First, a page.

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A New York Times article gets real on the topic of marketing to millennials

It's the what-do-women-want dilemma in different form but the answer is the same: Treat me foremost as a human being but don't waste my time or expose me to psychological mildew

Monday, August 25, 2014 – 6:43 AM by Brooke Southall
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Before boomers turned into Bobos, they were characterized as “selfish, entitled and unwilling to grow up.”

Brooke’s Note: Just as I was finishing up editing April Rudin’s millennial-focused article on reverse-mentoring, I spied an article in The New York Times that said a few sensible things on the topic without being a complete rehash of what I believe is somewhat of a manufactured topic of discussion. Here is a synopsis of that piece that ends with a sense of why advisors are currently doomed to futility on this circular subject.

Millennials have always been a big, fat problem for advisors, and it’s only getting worse.

Typically, the children of baby boomers and Gen Xers (who are 18 to 33 years old, i.e. born between 1980 and the end of the 20th century — no, that’s not when they graduated from college) and are now ages 15 to 30, have eaten the lunch of the middle class, literally and figuratively. See: How Frank Campanale’s heist, so to speak, of young BNY Mellon Wealth Management stars fits into a bold millennial strategy.

Whether it was college tuition, camp tuition, nannies, doctor’s visits or must-haves like computers, mobile phones and various hybrids, it was all expensive.

Log on, drop out

But we were cool with that.

Then parents, after all, were paying for never being home because they were so busy paying for it all. The kids developed a millennial attitude that is hard to characterize, but there are certainly elements of aloofness and lethargy. And boy, they seem to send a lot of texts.

But, hey, we have thick skin. It’s a phase.

Then the alarm bells started ringing when millennials committed the highest sin of capitalist society — refusing to buy our products and services.

Please, no marketing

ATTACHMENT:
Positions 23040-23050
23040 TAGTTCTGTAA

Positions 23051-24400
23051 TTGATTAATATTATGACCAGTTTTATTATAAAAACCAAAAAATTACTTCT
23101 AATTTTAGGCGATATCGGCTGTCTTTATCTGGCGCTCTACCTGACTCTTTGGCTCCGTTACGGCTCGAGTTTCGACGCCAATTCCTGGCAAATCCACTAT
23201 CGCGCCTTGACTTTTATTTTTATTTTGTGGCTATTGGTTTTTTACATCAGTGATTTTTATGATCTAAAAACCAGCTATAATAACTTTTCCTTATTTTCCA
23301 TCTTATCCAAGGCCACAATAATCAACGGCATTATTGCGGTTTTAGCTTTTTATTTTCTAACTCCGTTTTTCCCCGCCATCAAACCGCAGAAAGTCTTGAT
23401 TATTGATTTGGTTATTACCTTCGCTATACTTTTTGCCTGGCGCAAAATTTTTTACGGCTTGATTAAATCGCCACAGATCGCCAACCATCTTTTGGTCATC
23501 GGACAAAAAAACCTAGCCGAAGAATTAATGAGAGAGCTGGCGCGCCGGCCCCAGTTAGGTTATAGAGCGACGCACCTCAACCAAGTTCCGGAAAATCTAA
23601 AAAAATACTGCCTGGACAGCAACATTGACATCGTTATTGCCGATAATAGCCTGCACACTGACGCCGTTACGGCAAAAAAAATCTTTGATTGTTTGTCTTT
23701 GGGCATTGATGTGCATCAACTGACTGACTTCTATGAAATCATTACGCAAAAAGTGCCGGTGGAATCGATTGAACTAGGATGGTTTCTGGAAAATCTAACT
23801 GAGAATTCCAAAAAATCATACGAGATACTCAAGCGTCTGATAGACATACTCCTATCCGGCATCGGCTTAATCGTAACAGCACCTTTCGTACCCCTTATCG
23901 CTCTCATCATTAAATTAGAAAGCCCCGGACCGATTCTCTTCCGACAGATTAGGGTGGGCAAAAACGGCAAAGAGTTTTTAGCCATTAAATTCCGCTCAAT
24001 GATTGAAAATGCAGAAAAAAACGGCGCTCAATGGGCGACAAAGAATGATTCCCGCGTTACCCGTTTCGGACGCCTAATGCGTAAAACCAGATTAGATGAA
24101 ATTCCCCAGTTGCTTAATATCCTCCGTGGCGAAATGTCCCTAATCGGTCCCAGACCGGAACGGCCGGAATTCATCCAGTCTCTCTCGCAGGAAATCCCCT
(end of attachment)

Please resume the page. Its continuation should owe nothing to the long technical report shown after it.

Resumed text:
What to do to make them grow up and find their inner materialist?

The articles I have read on this subject strike me as having a fatal flaw in that they were written by baby boomers and have a condescending feel to them: They’re cleverly reductionist and laughably clueless, with suggestions like using different colors and fonts on websites to appeal to them.

But I found Saturday’s article in The New York Times, Marketers Are Sizing Up the Millennials, hit some good notes. It cited a study by Moosylvania, a digital marketing company in St. Louis, that says millennials contribute $1.3 trillion in consumer spending, out of total spending of nearly $11 trillion, and that our next generation needs hand-holding but doesn’t like to be marketed to.

What do they want?

“No one truly understand millennials,” the report concluded, “not even millennials.”

But there were a few tidbits that give a better sense about what we know about what we don’t know:

1. Baby boomers, now known as people who own bloated McMansions to bloated SUVs and keep a badass BBQ on the faux-brick patio out back, were in fact the original rebels of the 1960s and 1970s. They bought all this giant stuff despite having only 2.3 children whom they outsourced at every turn. Before boomers turned into bobos, they were characterized as “selfish, entitled and unwilling to grow up,” part of Tom Wolfe’s “Me Decade,” according to the Times article.

“There is no strong reason to believe that millennials are dramatically different than the generations of Americans that preceded them,” said Jason Furman, chairman of the Council of Economic Advisers at a housing forum on how millennials have fared in the years after the recession, according to the Times. “Rather, it is the unlucky economic times with which they were presented that explains much of their challenge.”

2. More 23-year olds exist in the United States than any other age, according to the Times reading of census data from June. There are 4.7 million of them, followed by those who are between 24 and 22 in age.

3. Millennials attended college at higher rates than their parents or grandparents. This means they are rich in knowledge and academic perspective but poor of wallet, in many cases, because of the debt they accrued in taking out college loans. See: How to gird clients for the approaching $500K tsunami of college costs without killing their retirement dreams.

4. What seems to be simply a case of baby boomers getting a dose of their own medicine from their kids is augmented by a shock factor of the seemingly sudden onset of millennial adulthood. “What worked five years ago doesn’t work now in terms of marketing and selling and advertising,” Jason Dorsey, chief strategy officer of The Center for Generational Kinetics in Austin, Tex., told the Times. “This has created a lot of urgency as more and more of these millennials enter the market and start to have money or spend money they don’t have.” See: Next-gen advisor breaks the standard RIA mold to grow with her young clientele — many with $100,000 or less of assets.

5. The article characterizes millennials as young adults with no money, negative money, and little consumer confidence. There was certainly no discussion of investible assets. So you can see why financial advisors are concerned. They sense that millennials sure as hell don’t want our financial advice after seeing our collective inability to manage debt, refrain from splurging on wars or trust the right captains of finance. Help!

Millennials just might, however, trust the only reliable friend they ever had — their personal computing devices and the robo-advisor that it gets along with so well. See: Thoughts on 'robo-advisors’ served cold, compliments of Kitces and Waymire.

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